Use of the deep subsurface in the UK: what are the implications for groundwater resources?
The Geological Society, Burlington House, London, UK
11–12 July 2018
There is renewed interest in the deep (>200 m below ground level) onshore sub-surface in the UK, with increasing exploration for, and development of:
• Conventional and unconventional oil and gas
• Geothermal energy
• Potash mining
and for storage purposes including:
• Nuclear waste
• Natural gas
• Carbon dioxide
However, the use of the deep subsurface introduces significant technological challenges and with this an element of risk to groundwater resources, both in terms of quality and quantity.
To effectively assess and manage the risks, a far better understanding of natural hydrogeological conditions (physical, chemical and biological) at depth and the hazards and potential impacts associated with the different activities is required. This presents unique challenges due to difficulties accessing, measuring and/or retrieving information from the deep subsurface.
This meeting will bring together a range of stakeholders including those responsible for policy and decision making, researchers and technologists to discuss the current state of knowledge and identify the critical gaps that need to be addressed to better understand, assess and manage the risks to groundwater from deep sub-surface activities along with the associated uncertainties. We welcome contributions related to:
• Characterisation — of deep groundwater systems and pathways to shallower groundwater, aquifers and groundwater-dependent surface environments
• Flow and transport — understanding of flow and transport processes in deep groundwater systems and along migration pathways
• Environmental risks and impacts — including cumulative impacts on groundwater quality and quantity, from the development of deep sub-surface
resources or storage
• Policy challenges — legislation, regulation and planning in relation to deep groundwater systems and activities, and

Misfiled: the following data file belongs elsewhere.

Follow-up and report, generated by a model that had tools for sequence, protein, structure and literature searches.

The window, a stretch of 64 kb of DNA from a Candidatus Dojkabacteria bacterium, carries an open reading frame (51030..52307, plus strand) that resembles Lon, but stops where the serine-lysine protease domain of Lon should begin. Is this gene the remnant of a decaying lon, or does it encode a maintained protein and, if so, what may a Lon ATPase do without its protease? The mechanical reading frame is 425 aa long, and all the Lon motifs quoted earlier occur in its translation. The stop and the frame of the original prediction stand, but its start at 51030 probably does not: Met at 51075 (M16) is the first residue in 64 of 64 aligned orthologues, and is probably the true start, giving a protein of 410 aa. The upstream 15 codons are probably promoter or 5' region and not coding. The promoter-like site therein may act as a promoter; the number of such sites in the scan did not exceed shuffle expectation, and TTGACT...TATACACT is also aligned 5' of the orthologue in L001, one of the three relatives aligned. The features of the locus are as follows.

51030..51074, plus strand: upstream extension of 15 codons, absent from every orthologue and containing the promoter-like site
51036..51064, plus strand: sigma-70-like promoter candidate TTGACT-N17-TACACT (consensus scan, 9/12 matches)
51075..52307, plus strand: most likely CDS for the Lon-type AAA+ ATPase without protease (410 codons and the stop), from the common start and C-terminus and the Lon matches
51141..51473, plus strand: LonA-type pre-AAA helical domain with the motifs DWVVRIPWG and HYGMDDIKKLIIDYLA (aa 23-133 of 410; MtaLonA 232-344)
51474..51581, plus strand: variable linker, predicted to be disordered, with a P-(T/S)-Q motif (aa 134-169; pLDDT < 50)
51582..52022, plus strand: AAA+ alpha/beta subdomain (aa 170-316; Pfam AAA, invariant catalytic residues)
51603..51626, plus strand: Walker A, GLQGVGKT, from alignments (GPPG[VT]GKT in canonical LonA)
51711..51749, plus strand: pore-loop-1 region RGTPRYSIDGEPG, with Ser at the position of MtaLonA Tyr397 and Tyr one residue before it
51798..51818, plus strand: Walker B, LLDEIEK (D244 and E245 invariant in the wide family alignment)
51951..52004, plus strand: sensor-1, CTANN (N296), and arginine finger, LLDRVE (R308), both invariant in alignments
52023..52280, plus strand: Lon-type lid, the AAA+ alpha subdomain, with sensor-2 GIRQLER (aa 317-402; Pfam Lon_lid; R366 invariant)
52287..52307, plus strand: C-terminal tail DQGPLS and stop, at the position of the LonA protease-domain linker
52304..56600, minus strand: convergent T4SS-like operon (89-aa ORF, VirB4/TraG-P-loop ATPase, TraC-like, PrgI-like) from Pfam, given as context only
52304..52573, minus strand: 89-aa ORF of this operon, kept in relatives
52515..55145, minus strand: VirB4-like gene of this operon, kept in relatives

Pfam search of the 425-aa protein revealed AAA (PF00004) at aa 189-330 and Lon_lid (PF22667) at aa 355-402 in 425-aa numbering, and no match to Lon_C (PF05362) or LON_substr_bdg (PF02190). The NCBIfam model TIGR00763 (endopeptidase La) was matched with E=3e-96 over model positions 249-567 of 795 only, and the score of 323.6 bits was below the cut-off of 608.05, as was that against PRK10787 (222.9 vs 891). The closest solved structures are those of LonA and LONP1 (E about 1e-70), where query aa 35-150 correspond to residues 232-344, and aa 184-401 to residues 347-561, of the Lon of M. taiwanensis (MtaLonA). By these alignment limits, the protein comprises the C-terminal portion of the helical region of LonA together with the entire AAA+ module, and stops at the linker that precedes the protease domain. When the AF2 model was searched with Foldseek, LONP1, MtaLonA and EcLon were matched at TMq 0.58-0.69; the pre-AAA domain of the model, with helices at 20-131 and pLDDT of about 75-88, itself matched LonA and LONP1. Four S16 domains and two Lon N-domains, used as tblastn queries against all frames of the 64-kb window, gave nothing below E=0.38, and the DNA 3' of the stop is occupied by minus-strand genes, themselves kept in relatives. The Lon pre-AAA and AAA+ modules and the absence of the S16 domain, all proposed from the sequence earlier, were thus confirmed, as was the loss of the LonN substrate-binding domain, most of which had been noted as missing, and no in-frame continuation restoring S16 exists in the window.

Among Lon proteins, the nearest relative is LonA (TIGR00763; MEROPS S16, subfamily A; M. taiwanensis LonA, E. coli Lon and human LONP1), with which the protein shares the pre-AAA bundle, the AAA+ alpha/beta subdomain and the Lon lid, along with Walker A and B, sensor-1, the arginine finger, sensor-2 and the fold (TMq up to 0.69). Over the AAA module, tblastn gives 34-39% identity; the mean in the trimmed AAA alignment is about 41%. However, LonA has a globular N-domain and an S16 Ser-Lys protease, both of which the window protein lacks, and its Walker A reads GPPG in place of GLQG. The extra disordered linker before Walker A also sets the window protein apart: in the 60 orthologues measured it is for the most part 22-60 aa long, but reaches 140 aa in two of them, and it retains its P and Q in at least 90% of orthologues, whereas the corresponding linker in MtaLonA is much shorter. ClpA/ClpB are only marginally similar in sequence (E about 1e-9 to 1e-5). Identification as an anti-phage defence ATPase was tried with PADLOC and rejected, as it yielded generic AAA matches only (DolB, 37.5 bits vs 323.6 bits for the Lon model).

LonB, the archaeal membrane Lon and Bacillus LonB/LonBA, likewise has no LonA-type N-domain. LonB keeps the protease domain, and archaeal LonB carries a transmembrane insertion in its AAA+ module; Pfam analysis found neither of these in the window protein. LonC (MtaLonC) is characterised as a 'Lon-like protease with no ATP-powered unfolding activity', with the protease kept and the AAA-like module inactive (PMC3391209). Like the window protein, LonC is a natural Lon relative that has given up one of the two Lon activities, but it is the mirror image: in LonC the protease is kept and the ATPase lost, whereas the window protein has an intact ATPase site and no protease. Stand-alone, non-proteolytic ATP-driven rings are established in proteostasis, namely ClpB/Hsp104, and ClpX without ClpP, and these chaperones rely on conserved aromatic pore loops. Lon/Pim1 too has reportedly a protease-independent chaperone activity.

• Communication and engagement — how can we better communicate risks and foster improved engagement with communities affected by use of the deep subsurface.
Studies may include field measurements, geophysics, modelling, and laboratory experiments among others. It is anticipated that contributions will have a UK focus but talks demonstrating international experience that is directly relevant to the UK context are also encouraged. The programme will be framed to promote the dissemination of research and sharing of knowledge between research communities and with a relevance to those involved with planning, policy and decision making.
Kevin Parkes (Alberta Energy Regulator)
Irena Gaus (Nagra)
Additional speakers to be confirmed
Tim Besien (Environment Agency)
John Bloomfield (BGS)
Ian Davey (Environment Agency)
Barnaby Harding (ESI)
Stefan Krause (University of Birmingham)
Sian Loveless (BGS)
Ulrich Ofterdinger (Queen’s University, Belfast)
Mike Rivett (GroundH2O plus)
Sarah Scott (Environment Agency)
Rob Ward (BGS)
Fred Worrall (Durham University)
We are accepting abstracts of up to 300 words for both poster and oral presentations. Please follow instructions and the template available on https://www.geolsoc.org.uk/hydro. Deadline Friday 5th March.
We would welcome sponsorship for this conference. Sponsors will receive promotion at the event. Details of the packages can be provided on request. If you would like to find out more please contact Barnaby Harding